Using inorganic nitrites as a marker for brain injuries caused by a stroke

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Following an acute brain injury like subarachnoid haemorrhage (a type of stroke), the brain continues to undergo secondary damage due to processes initiated by the primary injury (“early brain injury”).

The main clinical priority following hospital admission is therefore to prevent the development of further brain damage. However, the extent and evolution of this secondary brain damage cannot easily be determined from currently available investigations.

Methods to quantify early brain injury in patients either depend on invasive monitoring (with the risk of further brain damage) or the subjective and qualitative assessment of radiological images. Furthermore, standard bedside monitoring techniques require long recording periods to give useful clinical information. This results in difficulty guiding treatment and predicting neurological outcomes.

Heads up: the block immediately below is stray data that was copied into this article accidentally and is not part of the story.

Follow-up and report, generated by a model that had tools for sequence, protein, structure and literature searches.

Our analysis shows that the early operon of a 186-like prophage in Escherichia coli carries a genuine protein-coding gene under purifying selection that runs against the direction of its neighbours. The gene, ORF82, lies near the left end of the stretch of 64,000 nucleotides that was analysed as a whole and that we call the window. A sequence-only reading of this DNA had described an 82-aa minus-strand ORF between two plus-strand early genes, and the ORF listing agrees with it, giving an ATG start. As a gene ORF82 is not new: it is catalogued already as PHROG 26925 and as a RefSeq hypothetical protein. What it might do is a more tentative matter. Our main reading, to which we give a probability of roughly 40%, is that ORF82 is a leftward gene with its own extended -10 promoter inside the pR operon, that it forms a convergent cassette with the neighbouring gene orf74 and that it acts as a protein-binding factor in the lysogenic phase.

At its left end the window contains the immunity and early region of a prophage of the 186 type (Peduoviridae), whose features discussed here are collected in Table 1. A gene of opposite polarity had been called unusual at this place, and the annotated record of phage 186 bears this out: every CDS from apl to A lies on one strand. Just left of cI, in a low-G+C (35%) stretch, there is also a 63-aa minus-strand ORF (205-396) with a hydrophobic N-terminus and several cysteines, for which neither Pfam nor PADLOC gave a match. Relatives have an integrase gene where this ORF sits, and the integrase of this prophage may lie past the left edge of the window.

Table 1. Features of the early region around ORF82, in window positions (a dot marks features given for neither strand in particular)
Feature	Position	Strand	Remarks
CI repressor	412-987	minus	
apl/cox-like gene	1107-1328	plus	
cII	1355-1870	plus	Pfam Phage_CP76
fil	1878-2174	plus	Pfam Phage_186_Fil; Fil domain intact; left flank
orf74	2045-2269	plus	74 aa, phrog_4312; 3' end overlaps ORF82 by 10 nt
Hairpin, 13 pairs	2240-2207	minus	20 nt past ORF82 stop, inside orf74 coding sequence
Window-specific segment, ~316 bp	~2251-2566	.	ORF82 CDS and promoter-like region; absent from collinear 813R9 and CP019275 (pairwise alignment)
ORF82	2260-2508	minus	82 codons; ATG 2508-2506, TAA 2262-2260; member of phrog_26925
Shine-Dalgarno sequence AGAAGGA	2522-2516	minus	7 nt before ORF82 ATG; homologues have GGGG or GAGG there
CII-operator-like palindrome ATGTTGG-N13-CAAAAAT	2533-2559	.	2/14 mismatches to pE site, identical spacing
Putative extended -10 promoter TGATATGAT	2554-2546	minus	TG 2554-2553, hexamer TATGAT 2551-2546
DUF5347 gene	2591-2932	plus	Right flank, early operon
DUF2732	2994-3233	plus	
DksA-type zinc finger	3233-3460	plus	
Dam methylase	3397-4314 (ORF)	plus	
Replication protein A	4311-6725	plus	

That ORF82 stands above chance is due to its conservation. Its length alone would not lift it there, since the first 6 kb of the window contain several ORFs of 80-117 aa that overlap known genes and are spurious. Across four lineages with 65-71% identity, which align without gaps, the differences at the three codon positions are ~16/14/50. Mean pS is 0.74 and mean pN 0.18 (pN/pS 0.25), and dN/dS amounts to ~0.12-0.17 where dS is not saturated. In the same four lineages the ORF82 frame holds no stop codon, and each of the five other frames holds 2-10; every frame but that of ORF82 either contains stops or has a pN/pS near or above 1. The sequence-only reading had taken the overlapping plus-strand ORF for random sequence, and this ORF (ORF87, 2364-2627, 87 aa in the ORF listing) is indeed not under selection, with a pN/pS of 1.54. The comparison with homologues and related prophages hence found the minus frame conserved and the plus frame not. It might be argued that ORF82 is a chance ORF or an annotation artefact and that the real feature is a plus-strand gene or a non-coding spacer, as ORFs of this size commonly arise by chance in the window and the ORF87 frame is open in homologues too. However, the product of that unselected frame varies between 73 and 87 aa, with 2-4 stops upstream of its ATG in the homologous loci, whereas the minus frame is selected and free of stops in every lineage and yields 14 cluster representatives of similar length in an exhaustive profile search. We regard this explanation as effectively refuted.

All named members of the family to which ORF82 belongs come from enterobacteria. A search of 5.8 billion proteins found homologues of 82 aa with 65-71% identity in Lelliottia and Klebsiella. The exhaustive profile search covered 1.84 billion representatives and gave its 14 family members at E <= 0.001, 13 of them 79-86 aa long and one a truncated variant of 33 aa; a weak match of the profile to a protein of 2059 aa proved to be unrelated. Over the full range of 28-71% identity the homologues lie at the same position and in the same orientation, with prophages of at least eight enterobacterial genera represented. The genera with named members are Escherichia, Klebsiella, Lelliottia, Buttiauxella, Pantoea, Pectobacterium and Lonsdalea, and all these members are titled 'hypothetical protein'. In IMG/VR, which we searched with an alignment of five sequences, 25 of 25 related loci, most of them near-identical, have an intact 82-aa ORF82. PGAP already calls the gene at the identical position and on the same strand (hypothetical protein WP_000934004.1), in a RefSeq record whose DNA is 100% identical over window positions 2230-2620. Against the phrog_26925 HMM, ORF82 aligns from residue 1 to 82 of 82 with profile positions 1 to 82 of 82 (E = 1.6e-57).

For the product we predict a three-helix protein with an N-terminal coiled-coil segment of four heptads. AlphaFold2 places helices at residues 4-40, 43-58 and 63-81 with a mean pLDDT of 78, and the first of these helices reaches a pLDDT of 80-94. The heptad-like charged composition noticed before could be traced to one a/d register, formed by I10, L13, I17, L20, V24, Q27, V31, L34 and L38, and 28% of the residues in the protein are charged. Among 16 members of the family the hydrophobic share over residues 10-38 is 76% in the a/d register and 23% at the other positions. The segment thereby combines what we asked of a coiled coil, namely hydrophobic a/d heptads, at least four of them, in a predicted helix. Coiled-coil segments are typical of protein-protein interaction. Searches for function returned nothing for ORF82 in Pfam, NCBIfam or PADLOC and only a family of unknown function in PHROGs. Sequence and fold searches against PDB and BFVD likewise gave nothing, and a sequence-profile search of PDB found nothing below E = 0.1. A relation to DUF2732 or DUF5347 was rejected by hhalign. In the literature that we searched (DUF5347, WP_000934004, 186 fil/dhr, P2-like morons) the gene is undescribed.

Clinical scientists at the University of Oxford have developed a method to measure the response of injured brain tissue to nitrites using bedside cerebral monitoring as a biomarker of neurological injury. The present invention takes a dynamic approach and tests the acute physiological response of injured brain tissue to a molecular probe. Such an approach allows diagnostically important and personalised information to be obtained in much shorter time scales, e.g. in the order of hours and minutes rather than days.

In particular, these biomarkers can give clinicians a valuable insight into which patients are most likely to develop further brain damage and, therefore, who would benefit from early intervention.

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